NIH is currently projecting an increase in spending to $16 million in 2018. Given the numbers so far, how could that happen? Perhaps the Centers will receive more money, or Dr. Nath will spend more on his study. Yet given the approach detailed in Dr. Walter Koroshetz’s letter to MEAction, this does not seem likely.

My projection looks like this:

FY 2017 FY 2018 % Change
Grants/Intramural $6,742,437 $5,275,984 -21.7%
Research Centers $7,225,267 $6,225,267 -13.8%
Total $13,967,704 $11,501,251 -17.6%

I hope I am wrong about this. I would like to be wrong about this. But unless NIH makes some dramatic decisions between now and the end of September–decisions that increase funding by millions this year–there is no way NIH can claim it is moving in the right direction.

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12 Responses to How Much Will NIH Spend in 2018?

  1. Janelle says:

    Thanks for doing the work to get this all noted down, Jennie.
    It’s important to track this.

  2. Rivka says:

    Grateful to you for this post.

    Tick tock, tick tock: The days, weeks, months, years, decades just keep going by. I spend decade after decade desperately sick. So much time unable to leave my bed, feeling like death warmed over. And I know so many others who are in the same state. Or worse. And yet our government doesn’t care enough to change this.

  3. cort says:

    Superb analysis Jennie! This is so true.

    [N]ew grants accounted for only 5.4% of the spending. This is a really big problem. We need a large and steady pipeline of new projects to be funded apart from the Collaborative Research Centers. If NIH does not expand its non-Center portfolio, the field will suffer.

    Without a huge uptick in individual research grant applications this field will never thrive. No field can rely on it’s research centers – for one thing they don’t present a diverse enough pool of researchers – we need researchers from outside and inside this field to be pushing all manner of applications in.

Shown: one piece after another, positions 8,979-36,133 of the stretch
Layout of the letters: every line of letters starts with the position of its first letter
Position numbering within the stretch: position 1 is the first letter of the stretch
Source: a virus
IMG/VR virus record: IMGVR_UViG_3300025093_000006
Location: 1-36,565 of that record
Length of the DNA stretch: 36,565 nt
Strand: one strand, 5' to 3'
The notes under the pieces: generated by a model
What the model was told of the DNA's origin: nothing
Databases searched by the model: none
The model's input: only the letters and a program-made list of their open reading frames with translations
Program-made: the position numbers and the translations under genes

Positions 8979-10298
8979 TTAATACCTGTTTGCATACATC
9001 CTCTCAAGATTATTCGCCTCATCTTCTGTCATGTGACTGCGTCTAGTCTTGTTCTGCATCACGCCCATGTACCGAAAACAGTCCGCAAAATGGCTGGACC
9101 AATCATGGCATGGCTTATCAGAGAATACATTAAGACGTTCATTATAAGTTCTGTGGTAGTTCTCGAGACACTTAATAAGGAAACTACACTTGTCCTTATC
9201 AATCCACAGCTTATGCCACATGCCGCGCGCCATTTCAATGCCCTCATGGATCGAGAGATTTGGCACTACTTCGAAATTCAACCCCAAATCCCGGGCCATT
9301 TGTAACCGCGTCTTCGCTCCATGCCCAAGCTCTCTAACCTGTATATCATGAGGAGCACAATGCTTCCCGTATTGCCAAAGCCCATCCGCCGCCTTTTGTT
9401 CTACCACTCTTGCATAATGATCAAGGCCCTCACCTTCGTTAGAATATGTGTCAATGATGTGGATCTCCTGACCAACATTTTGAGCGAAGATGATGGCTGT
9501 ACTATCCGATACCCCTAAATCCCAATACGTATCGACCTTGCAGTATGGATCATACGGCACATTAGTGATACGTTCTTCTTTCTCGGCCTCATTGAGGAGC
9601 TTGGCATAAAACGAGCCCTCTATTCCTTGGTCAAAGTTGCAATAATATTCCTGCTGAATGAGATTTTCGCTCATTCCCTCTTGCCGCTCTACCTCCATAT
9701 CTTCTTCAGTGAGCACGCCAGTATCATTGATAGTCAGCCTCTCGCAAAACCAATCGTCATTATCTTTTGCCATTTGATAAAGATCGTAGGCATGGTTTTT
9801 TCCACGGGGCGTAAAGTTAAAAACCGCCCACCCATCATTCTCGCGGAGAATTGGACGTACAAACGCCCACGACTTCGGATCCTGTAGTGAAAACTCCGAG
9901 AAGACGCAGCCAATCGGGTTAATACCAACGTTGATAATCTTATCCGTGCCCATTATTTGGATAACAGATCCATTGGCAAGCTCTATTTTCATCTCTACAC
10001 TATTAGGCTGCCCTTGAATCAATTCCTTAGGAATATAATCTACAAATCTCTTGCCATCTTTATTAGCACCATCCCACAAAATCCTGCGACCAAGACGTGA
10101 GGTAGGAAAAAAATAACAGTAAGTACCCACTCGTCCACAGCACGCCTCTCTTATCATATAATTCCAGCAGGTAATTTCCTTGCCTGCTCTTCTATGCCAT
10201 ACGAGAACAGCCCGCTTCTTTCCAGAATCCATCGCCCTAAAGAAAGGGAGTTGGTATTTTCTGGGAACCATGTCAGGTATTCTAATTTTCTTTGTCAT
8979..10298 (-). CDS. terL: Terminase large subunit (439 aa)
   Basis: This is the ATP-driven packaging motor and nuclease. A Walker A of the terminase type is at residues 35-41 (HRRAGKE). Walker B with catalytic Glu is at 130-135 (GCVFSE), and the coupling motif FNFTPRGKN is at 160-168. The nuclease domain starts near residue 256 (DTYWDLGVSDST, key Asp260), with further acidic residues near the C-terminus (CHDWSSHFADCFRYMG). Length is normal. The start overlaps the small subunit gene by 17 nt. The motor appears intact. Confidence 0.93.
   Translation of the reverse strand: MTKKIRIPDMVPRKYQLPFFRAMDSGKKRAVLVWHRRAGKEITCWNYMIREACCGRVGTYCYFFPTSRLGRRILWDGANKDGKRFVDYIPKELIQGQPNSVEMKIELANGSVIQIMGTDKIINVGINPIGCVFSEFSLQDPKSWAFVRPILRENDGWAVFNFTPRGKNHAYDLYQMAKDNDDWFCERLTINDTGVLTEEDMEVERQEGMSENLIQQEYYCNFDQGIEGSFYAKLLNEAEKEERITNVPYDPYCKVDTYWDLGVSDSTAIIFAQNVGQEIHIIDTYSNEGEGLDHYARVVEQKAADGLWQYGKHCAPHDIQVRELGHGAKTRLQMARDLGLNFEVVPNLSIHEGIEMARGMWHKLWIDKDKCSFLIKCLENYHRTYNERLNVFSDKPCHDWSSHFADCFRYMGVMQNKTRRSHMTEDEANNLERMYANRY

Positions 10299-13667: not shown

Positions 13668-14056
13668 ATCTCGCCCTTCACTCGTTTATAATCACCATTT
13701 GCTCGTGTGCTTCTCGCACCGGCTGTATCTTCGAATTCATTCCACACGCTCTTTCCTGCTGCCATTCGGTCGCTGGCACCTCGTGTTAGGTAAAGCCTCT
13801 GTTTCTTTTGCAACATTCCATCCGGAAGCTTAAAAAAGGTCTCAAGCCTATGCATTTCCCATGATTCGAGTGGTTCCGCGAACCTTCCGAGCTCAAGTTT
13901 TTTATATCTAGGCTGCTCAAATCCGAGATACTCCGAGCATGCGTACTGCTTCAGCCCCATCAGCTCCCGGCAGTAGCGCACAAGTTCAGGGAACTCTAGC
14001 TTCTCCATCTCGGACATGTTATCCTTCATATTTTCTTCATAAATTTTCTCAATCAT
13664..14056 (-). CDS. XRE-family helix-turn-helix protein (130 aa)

For another Research Center funding is only stable for a short period of time. When funding stopped for last NIH ME/CFS research centers around 2000 the field suffered terribly because of this same problem – we do not have a good pool of researchers steadily pumping in grant applications.

    It looks like October is going to be very important for us. Oct will be a year since the NIH Research Center awardees were announced. If those 6 or 7 research groups which didn’t win out can’t find a way to get new grant applications by then I don’t what to think.

    • billie moore says:

      I’m sorry, but I just do not expect to see researchers expend their valuable time trying to get grants in a difficult and underfunded field without some real money being offered, presumably through RFA’s. Without significantly more money being offered by the NIH, the researchers could be expected to look at the probability of a receiving a grant for their efforts and correctly conclude that the probability was very low. And this would be even more pronounced in researchers new to ME whom we need very much to become interested in the disease.

      The initiative MUST come from the NIH. But it won’t. (You have to wonder if Koroshetz ever sees an analysis like Jennie’s where the NIH funds are proven to go down, all the while he’s telling us how much more they are spending!)